Playing with VR tools, in particular the Leap Motion, makes some limitations clear very quickly.
The biggest and almost universal shortcoming in apps which make use of the Leap Motion is their lack of physics. And this is most apparent, and troublesome, when your virtual hand comes into contact with a virtual object.
We spend all our lives learning (and sometimes relearning) the physics of the real world. When I push my hand against this wall, it does not go through it. When I grasp this tool, my fingers do not go through it. Then we start using VR demos and the like, and magically our hand and fingers will pass through anything, in total defiance of the real world. It is bad enough not having tactile feedback, but when your brain cannot believe what it is seeing, it is simply unreal.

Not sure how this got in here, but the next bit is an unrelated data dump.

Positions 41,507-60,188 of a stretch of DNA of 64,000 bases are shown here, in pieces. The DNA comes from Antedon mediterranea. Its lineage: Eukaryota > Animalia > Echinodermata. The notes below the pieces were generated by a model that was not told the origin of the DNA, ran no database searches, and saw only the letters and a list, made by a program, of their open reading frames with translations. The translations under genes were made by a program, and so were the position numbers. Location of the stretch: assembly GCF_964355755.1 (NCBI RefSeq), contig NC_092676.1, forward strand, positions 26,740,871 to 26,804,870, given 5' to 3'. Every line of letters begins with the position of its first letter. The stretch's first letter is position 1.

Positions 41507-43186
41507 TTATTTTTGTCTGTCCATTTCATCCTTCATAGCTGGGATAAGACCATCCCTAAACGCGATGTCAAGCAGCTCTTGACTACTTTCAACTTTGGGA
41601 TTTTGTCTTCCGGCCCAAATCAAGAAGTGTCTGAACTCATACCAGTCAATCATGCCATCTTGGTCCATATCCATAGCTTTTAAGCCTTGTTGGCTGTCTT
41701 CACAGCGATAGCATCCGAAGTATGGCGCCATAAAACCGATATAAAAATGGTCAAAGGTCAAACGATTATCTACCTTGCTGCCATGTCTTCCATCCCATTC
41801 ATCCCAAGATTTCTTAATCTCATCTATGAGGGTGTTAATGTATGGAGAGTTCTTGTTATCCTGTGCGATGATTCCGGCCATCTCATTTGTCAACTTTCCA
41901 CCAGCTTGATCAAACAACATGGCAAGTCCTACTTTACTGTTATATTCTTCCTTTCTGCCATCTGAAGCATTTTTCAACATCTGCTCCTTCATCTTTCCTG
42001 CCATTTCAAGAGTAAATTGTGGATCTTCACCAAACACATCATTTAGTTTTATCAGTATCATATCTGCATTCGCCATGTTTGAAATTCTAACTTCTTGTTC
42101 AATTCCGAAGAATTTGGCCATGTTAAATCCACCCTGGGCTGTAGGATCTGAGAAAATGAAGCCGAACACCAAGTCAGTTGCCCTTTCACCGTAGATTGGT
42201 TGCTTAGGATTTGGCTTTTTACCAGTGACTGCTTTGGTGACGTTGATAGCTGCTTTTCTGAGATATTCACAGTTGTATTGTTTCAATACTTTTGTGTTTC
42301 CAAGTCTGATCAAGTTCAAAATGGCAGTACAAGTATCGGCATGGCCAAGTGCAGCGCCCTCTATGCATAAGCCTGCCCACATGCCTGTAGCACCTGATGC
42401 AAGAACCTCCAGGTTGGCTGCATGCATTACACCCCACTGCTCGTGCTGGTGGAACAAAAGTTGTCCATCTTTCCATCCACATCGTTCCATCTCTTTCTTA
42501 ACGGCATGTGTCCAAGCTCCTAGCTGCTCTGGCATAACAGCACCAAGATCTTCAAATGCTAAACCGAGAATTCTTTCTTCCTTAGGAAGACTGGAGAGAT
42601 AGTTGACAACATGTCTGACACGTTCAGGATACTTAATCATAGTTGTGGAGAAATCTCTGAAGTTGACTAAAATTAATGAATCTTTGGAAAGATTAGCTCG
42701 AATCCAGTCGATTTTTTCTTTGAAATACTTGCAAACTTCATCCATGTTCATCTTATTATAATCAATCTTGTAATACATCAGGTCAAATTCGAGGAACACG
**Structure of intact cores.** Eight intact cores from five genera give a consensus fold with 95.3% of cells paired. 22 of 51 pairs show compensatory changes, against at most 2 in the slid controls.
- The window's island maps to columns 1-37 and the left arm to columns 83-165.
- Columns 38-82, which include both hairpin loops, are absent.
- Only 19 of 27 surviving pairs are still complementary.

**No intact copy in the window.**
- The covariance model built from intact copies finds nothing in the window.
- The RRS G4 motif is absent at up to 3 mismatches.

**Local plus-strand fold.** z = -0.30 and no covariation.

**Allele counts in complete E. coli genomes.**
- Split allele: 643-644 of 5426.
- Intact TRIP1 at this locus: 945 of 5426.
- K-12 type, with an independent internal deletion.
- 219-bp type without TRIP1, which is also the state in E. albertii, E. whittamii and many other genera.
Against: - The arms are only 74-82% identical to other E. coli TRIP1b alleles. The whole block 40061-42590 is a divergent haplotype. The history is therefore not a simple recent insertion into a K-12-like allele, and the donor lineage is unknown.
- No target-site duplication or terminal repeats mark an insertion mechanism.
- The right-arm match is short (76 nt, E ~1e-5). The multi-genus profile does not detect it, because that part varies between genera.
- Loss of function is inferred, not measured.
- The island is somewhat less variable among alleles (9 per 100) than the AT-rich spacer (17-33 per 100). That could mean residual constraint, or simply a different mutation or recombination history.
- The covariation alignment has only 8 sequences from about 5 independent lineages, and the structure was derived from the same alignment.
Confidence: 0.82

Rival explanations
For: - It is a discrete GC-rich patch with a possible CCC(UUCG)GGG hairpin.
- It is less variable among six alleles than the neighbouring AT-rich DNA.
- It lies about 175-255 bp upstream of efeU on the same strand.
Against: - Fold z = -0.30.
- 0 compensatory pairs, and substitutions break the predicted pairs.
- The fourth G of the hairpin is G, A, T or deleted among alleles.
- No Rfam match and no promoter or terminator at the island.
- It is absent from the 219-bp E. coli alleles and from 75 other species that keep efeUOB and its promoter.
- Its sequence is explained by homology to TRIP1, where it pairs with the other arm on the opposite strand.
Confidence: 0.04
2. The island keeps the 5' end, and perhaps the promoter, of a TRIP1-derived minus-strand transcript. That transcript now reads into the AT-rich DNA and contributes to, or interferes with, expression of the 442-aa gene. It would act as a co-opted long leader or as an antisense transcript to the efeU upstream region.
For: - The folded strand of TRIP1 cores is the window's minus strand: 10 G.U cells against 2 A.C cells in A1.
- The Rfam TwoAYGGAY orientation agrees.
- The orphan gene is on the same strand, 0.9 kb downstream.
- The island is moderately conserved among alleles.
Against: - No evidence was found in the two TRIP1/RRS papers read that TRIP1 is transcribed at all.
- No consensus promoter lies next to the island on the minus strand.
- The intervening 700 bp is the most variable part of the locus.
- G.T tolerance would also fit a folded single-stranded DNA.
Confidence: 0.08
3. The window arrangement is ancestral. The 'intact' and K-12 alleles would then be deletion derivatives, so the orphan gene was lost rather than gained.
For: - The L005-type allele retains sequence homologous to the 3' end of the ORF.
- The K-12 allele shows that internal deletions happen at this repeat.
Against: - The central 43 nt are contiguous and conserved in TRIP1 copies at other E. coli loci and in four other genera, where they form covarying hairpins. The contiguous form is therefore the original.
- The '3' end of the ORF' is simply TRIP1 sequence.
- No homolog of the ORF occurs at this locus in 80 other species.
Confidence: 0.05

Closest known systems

For example, when playing Leap Motion’s otherwise delightful Chess demo (an excellent way of getting the hang of using Leap Motion), you can pass your hand through the chess pieces. This is neat in some ways – you do not keep knocking the pieces over with your clumsiness – but distractingly unreal. When you do want to grasp a piece, it makes it far harder.
Underlying this is a limitation of OpenGL for this type of VR: the letter G. OpenGL is a graphics library, which uses the GPU (that letter again) to render graphics. So the app has to do all the work (which duplicates the hidden line and collision routines in OpenGL, running so swiftly on the GPU) to determine when your finger comes into contact with the surface of a solid.
We really need an OpenVRL if we are to make VR commonplace.